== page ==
Author(s): Gerald Hensley
This is a memoir of a distinguished senior civil servant written in a tradition of wit, elegance, learning and intelligence more familiar in Europe than in our own literary history. In a career that engaged with international and national dramas at every turn Hensley writes not about himself but about people, the famous and the forgotten; places, from Apia to Singapore to New York; political events, including two coups, one war, one peaceful attainment of independence, several false alarms. His unerring eye for the comic and the absurd is matched always by his insight and good judgement so that we gain an extraordinary view of New Zealand's changing place in the world over three decades while being constantly gripped and entertained. A treat for anyone interested in politics or foreign affairs - or good writing. This is a superb memoir, written by a loyal New Zealander born and bred in the Garden City, who has done conspicuous service to his nation as a diplomat and senior public servant across the years 1958 to 1999 in many diverse roles. This is a splendid, at times deadpan, yet very compelling memoir. It is bound to intrigue and inform anyone interested in the shaping of New Zealand foreign policy in the later years of the 20th century. - Bruce Harding, The Press . . . it is HensleyÃ�Â¢Ã�Â�Ã�Â�s portraits of two colourful New Zealand prime ministers that are the highlights of this entertaining book. - Warren Brown, Waikato Times Hensley's book will be valued by historians and political scientists, treasured by public servants and scholars of public policy and consulted widely by students. But the wider public, whether they have an interest in politics and foreign policy or not, will find this elegantly written book a thoroughly enjoyable read. It is aptly called a memoir and will be recognised as a classical example of the genre. - Stuart McMillan, NBR Ã�Â¢Ã�Â�Ã�Â� . . . magisterial memoirÃ�Â¢Ã�Â�Ã�Â� - Chris Trotter, The Independent "A must buy for political junkies." - David Farrar, DPF's Kiwiblog. On the Right . . . a memoir made highly readable by virtue of being an insider's view packed with anecdote amusing and deadly serious. - John Armstrong, NZ Herald . . . a fire burns within, full of blazing insights. This is a rare event: a New Zealand policy memoir richly inflected with a personal voice and some rip-roaring stories which are told with gusto and verve but laced with stylish wit and good-natured humour. It may not be the "final approach" he writes of, but Gerald Hensley has certainly done his compatriots a final service in delivering these finely honed memoirs. - Bruce Harding, The Press [HensleyÃ�Â¢Ã�Â�Ã�Â�s] account of events in 1984-85 is an important contribution to the understanding of what was perhaps this country's most serious foreign policy crisis and certainly its longest (as is his recollection of the Rainbow Warrior bombing and its aftermath). - John Armstrong, NZ Herald It is aptly called a memoir and will be recognised as a classical example of the genre. It is wry, reflective, not once giving the sense of having scores to settle, amusing, offering insights into the prime ministers for whom he worked, done with an eye for the absurd, and filled with anecdotes that are told economically. - Stuart McMillan, NBR Hensley, a superb writer, is wise enough to know that such a volume needs to be more than an academic and chronological account. So, he illustrates it with a vivid array of anecdotes and incidents - some of which are news revelations in themselves. - Richard Long, Dominion Post There is a danger that a subject which is important in itself can still be presented in a way that makes watching an electric towel rail do its stuff seem like a life-changing experiences. To overcome that the author must have a capacity for using language with ease and, where appropriate, wit. Gerald Hensley does the business. - Robin List, Wairarapa Times-Age First published 2006.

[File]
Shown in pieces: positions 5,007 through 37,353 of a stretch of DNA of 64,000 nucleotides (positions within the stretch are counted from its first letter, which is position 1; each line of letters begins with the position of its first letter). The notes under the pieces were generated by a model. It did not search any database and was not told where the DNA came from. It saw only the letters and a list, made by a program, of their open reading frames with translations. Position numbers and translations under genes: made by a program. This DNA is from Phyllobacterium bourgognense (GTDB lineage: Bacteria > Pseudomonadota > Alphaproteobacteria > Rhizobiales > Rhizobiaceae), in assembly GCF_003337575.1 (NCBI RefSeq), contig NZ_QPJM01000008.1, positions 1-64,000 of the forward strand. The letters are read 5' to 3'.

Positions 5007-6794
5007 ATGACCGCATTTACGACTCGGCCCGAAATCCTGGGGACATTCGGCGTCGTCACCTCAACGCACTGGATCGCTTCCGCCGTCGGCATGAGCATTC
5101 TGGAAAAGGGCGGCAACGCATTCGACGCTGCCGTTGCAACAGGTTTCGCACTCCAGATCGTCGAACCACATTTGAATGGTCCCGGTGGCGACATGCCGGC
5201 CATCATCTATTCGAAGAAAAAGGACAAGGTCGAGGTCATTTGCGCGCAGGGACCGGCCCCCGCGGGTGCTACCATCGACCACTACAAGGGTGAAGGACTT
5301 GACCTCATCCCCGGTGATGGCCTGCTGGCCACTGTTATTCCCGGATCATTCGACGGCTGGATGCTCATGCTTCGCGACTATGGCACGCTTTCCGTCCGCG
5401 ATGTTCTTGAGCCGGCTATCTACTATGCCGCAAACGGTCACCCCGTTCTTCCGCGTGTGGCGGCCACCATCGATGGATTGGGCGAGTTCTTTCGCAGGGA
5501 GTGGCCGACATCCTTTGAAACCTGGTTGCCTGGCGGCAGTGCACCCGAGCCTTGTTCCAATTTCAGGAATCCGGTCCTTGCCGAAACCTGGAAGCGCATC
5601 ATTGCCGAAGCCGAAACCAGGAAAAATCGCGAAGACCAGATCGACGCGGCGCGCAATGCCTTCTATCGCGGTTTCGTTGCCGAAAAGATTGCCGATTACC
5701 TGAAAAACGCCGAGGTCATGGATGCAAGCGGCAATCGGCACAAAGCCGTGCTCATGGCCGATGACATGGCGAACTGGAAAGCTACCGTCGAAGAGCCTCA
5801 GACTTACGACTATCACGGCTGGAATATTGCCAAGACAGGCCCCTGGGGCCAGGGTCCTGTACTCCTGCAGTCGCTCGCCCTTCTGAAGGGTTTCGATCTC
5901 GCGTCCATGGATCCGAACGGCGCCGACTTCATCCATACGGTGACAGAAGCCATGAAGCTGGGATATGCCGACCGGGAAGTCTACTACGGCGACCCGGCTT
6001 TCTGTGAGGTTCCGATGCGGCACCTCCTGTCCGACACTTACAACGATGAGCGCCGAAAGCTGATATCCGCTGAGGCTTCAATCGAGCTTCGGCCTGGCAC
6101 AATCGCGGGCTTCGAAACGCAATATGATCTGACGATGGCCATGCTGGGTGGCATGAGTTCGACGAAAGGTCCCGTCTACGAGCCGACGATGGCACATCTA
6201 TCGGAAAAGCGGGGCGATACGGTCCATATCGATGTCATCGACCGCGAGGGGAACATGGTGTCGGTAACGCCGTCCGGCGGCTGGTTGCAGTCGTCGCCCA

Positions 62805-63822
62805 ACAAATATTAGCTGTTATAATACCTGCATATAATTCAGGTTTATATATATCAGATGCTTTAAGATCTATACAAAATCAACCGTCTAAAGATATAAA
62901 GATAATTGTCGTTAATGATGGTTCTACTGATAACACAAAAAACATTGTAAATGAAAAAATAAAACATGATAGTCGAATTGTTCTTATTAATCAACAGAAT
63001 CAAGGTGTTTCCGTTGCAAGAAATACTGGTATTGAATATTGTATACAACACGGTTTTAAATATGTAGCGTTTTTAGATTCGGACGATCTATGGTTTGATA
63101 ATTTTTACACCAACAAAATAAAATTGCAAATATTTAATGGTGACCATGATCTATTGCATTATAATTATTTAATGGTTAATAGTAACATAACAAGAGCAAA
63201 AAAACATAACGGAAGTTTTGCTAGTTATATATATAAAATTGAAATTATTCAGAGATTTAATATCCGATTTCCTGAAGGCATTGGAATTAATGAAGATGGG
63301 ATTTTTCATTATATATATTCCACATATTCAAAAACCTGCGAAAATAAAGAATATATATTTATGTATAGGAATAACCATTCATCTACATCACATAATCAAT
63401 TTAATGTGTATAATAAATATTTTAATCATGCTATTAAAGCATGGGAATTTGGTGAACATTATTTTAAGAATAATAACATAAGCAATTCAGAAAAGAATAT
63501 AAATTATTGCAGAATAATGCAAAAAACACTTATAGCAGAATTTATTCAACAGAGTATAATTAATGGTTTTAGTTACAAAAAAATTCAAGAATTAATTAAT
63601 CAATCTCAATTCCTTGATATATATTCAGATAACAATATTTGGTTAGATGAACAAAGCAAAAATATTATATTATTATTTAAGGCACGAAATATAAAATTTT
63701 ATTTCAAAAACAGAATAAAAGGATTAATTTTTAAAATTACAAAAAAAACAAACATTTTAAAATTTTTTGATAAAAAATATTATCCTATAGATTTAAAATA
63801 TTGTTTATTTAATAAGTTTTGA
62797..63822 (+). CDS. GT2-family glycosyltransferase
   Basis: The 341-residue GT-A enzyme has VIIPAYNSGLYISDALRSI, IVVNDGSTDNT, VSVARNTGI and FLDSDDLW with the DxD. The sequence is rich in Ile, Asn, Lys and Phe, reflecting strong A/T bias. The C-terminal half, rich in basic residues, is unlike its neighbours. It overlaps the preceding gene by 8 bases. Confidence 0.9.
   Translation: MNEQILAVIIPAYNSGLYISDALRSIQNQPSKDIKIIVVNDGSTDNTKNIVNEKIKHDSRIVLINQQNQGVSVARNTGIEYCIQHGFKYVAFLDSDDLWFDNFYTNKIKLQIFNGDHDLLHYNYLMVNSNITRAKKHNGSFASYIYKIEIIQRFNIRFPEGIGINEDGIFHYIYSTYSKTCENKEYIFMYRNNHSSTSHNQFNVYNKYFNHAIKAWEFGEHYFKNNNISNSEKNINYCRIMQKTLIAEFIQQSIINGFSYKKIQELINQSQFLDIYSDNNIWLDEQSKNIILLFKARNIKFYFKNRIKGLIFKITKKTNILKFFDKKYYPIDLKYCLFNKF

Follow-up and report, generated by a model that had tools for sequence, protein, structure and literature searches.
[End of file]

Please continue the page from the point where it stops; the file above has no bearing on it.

Gerald Hensley is a former New Zealand High Commissioner at the Department of External Affairs. He later served as the Permanent Head in the Prime Minister's Department. He is a contributing author to Celebrating New Zealand's Emergence, For the Record, Pacific Prospects, and Southeast Asia and New Zealand.
Introduction; 1. An Apprentice in Samoa; 2. Manhattan and Other Islands; 3. The Commonwealth Divided; 4. War in Nigeria; 5. A Washington Spectator; 6. New Zealand Adrift; 7. Tropical Asia; 8. The Years with Muldoon; 9. The Elusive David Lange; Epilogue